WHEN you sit and watch experienced professional speakers take hold of an audience, you are seeing magic in action.

They make everything look so easy and smooth that you wonder: “Were they born with a silver microphone in their mouth?”

In reality, all that platform polish is the result of many years of hard work and training. They have paid their dues many times over.

If you are less experienced, you probably make some errors in speaking. Once you are aware of these, your confidence and effectiveness as a speaker will multiply. Here are 15 of the most common speaking gaffes speech-givers make.

Stop arriving at the last minute. This stresses out the audience and organisers who do not know if they will have a speaker.

Stop playing fast and loose with the clock. You can’t start and stop your talk on your own terms. The organisers have a schedule to keep and your audience wants to be respected for their valuable time. Stay on schedule, and stop a bit earlier than you said you would to take questions.

Gain rapport with your audience. All audiences need to be warmed up, and taking the time to do this can help you give a better performance as well.

Stop trying to “wing it” by making up your talk as you go along. Even professional speakers do not do this.

Stop being so theoretical, intellectual and statistical. These are all guaranteed to turn off any audience. People want practical, useable material they can apply to their lives and careers, not heavy, academic, jargon-laden content that requires a PhD to understand.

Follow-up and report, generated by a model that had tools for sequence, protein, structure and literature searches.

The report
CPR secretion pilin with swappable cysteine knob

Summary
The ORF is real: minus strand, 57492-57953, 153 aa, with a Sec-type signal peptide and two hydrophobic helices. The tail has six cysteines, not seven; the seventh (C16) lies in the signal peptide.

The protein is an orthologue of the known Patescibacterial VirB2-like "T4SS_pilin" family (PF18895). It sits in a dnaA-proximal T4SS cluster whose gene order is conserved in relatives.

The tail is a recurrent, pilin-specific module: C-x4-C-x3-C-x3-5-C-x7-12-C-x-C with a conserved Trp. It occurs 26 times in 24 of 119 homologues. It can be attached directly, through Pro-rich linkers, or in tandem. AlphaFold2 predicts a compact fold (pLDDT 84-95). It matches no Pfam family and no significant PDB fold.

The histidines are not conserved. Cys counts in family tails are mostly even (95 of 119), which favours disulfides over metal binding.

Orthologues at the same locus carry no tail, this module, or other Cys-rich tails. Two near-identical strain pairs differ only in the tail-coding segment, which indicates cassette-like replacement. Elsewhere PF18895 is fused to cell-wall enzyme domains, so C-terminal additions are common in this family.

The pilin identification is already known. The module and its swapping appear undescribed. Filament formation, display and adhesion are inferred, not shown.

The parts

Stop trying to be all things to all people as you speak. You will simply confuse people, who will be wondering what your topic is, and why they came to your programme.

Stop dressing like you just came from a beach party or are on the way to the hairdresser. Audiences like their speakers to look sharp, professional and well put together. A well-kept look gives you extra points on credibility before you even open your mouth. First impressions count.

Stop using the same speech for every audience. Do audience research and customise your talks. Your audience will appreciate it and probably ask you back for more. You will be speaking their language and hit the mark better than with a canned presentation.

Stop assuming that the audio-visual equipment and the room in which you are speaking have been set up properly. This is the stuff of disasters, and something you can easily avoid. Check that everything is in order.

Stop negating the value of solid writing, platform and staging skills. Every audience deserves the best speaker they can get, and you have an obligation to continue improving on your speaking skills every year.

Stop boring the audience. Enough said?

Don’t overwhelm the audience. Ditch the unnecessary information they don’t want or need. If you do your homework, you will know what is relevant to them.

Stop teasing the audience by being miserly about how much detail you are willing to give in your content. Some speakers say to the audience: “I won’t give you that information, because it’s in my book.” Perhaps some audiences might be thinking: “I won’t be giving you my money for your book.”

Stop being insensitive. Don’t use negative, disrespectful and uninformed jokes, stories, remarks, news events and other content that will alienate your audiences.

Stop displaying such a big ego. Remember, speaking is all about the audience and their needs, not the speaker’s gratification.